Reading to write

About a year ago I abandoned my blog when I realized that it had become a displacement activity for writing my novel – along with surfing the internet and polishing my new granite worktop. I realised I needed to focus on the main goal which was to finish my book. Mission accomplished, I now have 80,500 words of psychological thriller.

The next goal is to get ‘Deluded” published. I decided to invest in a seminar on pitching to agents. It was money well spent, Danuta Kean is an enthusiastic and well-informed tutor with great connections in publishing. I now know the importance of a credible writer’s CV and social media presence.

Social Media
I’m reasonably social media savvy as an habitual user of facebook, twitter and WordPress, but given my ambition to get my novel published and read by others, strangely reticent to share my writing, especially with anyone I know. My twitter activity has largely been confined to retweeting comments on my football team and one incredulous tweet when an Observer arts journalist claimed Christopher Marlowe had written “The Duchess of Malfi”. (It was John Webster). I have a page on facebook and a blog under my pen name, which I have even concealed from my friends. My blog, predictably, has had few readers and my author’s facebook page no “likes”, well, except from the fictional characters in my book. They were under no pressure to do so, I promise. Now, however, I have learned that prospective agents are likely to check out my presence on social media and will be impressed if I have a large following. I suspect, that does not mean a large following of football fans. I realise that any literary gems I may tweet will be submerged among retweets about the latest football news.

I had originally intended to use my blog to upload some short stories and flash fiction but I realise that, if I’m to enter competitions, I need to ensure that my submissions have not been published before. This is another activity I discounted last year because it was a distraction from the main goal, but achieving a prize or being shortlisted will enhance my writer’s CV.

I do a quick investigation of the social media I have not used; google+, Tumbler and Pinterest. I consult with an IT literate friend about Pinterest. No, she doesn’t get it, either. I quickly create a google+ account and see a few friends there. I look at Tumbler, it looks like another blog.

Decisions.
Too much social media can be a bad thing. Park the idea of Pinterest for now.

Create a separate twitter account for my pen name. This will be used only for writing-related activities so I can distinguish between leisure and writing tweets.

Research writers’ competitions and schedule the most important ones.

Use my blog mainly for scribbles relating to the process of writing and history or reviews.

Blogging
I upload a couple of posts on my blog which reflect my interest in history. My blog name “Scribbles from the Shock City” was inspired by Asa Briggs’ description of Manchester, the first industrial city, as the shock city of its age. I think the name still applies. Well, Manchester just bought Stansted airport.

The post on anti-slavery was inspired by the film “Lincoln”. Like “Amazing Grace”, which purported to tell the story of the early UK abolition movement, it focussed on the role of a white male legislator, downgrading the roles of Africans, women and the activists to supporting actors at best in both the anti-slavery movement and the film. My other blog post is a transcription of Chartist prisoner Joseph Shawcross’s correspondence with his daughter, Alice. As far as I know no-one has transcribed these letters, which I discovered in the records office in Chester. I dare to presume that I am following in the mighty footsteps of social historian E.P. Thompson by rescuing Joseph from the condescension of posterity.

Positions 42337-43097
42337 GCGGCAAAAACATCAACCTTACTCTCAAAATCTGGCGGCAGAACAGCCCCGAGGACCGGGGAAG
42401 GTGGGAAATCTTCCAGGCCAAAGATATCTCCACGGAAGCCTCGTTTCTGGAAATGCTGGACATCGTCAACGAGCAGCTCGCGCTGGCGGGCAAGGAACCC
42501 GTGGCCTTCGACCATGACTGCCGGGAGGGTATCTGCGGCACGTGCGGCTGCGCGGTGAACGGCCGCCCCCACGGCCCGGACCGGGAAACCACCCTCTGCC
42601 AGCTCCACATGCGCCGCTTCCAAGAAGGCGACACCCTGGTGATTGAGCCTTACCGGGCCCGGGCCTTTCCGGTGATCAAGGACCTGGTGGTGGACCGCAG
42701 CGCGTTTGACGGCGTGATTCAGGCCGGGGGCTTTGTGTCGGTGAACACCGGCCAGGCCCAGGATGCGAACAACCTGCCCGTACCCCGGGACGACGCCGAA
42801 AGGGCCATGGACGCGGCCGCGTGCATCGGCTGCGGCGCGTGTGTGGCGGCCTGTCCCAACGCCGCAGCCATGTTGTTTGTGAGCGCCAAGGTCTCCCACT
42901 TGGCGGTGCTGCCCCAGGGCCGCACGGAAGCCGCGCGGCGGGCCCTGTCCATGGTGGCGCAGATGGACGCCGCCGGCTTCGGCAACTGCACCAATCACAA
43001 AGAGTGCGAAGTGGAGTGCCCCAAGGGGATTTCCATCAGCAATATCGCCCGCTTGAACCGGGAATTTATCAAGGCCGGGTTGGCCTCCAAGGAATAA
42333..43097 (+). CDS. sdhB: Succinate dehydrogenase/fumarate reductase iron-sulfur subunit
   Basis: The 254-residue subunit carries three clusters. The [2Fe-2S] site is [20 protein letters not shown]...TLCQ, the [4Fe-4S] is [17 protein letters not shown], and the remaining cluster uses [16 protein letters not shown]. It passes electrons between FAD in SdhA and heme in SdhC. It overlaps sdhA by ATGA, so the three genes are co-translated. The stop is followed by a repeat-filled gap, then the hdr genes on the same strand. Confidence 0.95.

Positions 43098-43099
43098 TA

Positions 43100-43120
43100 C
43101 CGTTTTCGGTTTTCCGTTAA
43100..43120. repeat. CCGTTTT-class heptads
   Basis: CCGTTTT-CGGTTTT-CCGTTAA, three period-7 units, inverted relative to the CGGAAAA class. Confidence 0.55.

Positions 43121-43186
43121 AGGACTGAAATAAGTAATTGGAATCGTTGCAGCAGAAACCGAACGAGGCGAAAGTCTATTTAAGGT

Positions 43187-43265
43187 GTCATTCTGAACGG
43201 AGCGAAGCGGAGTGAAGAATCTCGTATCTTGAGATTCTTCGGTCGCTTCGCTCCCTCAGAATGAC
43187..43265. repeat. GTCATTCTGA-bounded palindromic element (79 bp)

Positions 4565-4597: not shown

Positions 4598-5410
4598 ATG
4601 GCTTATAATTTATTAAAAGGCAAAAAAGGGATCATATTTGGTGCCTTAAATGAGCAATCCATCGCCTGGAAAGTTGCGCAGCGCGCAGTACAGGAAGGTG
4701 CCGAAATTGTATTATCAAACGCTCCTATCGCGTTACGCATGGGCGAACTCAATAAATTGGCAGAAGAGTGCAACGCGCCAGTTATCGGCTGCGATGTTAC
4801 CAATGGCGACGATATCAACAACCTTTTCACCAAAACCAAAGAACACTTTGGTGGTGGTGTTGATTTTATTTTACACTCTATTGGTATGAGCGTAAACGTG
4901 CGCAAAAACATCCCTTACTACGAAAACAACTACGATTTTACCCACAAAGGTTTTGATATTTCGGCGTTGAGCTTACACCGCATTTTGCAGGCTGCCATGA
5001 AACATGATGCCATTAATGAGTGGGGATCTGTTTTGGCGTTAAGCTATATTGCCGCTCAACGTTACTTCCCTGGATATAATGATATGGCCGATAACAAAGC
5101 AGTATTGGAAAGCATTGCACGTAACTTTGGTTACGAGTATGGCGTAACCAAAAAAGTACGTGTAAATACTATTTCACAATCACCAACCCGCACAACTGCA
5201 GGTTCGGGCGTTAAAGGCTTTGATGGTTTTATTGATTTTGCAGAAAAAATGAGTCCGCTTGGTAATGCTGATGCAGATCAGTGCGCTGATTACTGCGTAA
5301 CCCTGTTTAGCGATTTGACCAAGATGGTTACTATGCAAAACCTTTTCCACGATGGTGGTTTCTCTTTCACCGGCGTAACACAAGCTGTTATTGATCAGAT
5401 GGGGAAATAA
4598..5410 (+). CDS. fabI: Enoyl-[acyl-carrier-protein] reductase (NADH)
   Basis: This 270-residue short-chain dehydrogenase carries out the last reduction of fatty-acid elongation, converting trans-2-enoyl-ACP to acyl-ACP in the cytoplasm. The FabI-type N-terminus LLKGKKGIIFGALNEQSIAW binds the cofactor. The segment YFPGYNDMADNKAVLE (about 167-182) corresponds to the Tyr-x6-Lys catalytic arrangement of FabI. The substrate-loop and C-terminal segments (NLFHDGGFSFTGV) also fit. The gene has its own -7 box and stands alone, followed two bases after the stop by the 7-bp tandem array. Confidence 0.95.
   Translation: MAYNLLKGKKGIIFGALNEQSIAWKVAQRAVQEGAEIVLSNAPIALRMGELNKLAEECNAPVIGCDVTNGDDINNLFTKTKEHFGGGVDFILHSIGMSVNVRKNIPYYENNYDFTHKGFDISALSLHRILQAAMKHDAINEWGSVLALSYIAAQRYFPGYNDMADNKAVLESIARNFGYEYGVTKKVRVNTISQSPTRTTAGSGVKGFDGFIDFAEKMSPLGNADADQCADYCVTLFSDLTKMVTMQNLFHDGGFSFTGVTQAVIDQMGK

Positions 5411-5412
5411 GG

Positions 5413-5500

For the first time my “real-me” facebook page provides a link to my author’s page and to my blog and, hey, already a friend in Australia “likes” it.

I know I also need to spend time keeping up-to-date with trends in the publishing industry and reading novels. Oh yes, and somehow I need to fit in some time to immerse myself in my fictional world and write creatively. In fact, that needs to come to the top of the list. So don’t expect too many blogs! But first, I must just write about Preston Bus Station.

Since I wrote this blog some of the posts referred to above have been re-posted to http://lynnrawlinson.wordpress.com which is now the home for Scribbles from the Shock City, including some political analyses. This blog now focuses on the written word, reviews and forgotten histories.

August 2017

 

Guardian Masterclass run by Danuta Kean

http://www.guardian.co.uk/guardian-masterclasses/pitching-your-book-course1
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About Lynn Steinson

Author of psychological thrillers "Deluded" and "Guilt" about members of The Sun pub quiz team.
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2 Responses to Reading to write

  1. Judith Knott says:

    I’m inclined to think that all those novelists of the past had it easier, but notwithstanding fewer Internet distractions their domestic and social obligations were probably greater. I suppose reluctance to share writing with people we know (I feel the same) is a form of fear of rejection? It’s easier to bounce back from anonymous indifference! Or is it that you feel your writing self is distinct from your everyday self and relish having a secret self? A pen name seems a shame..Good luck Lynn.

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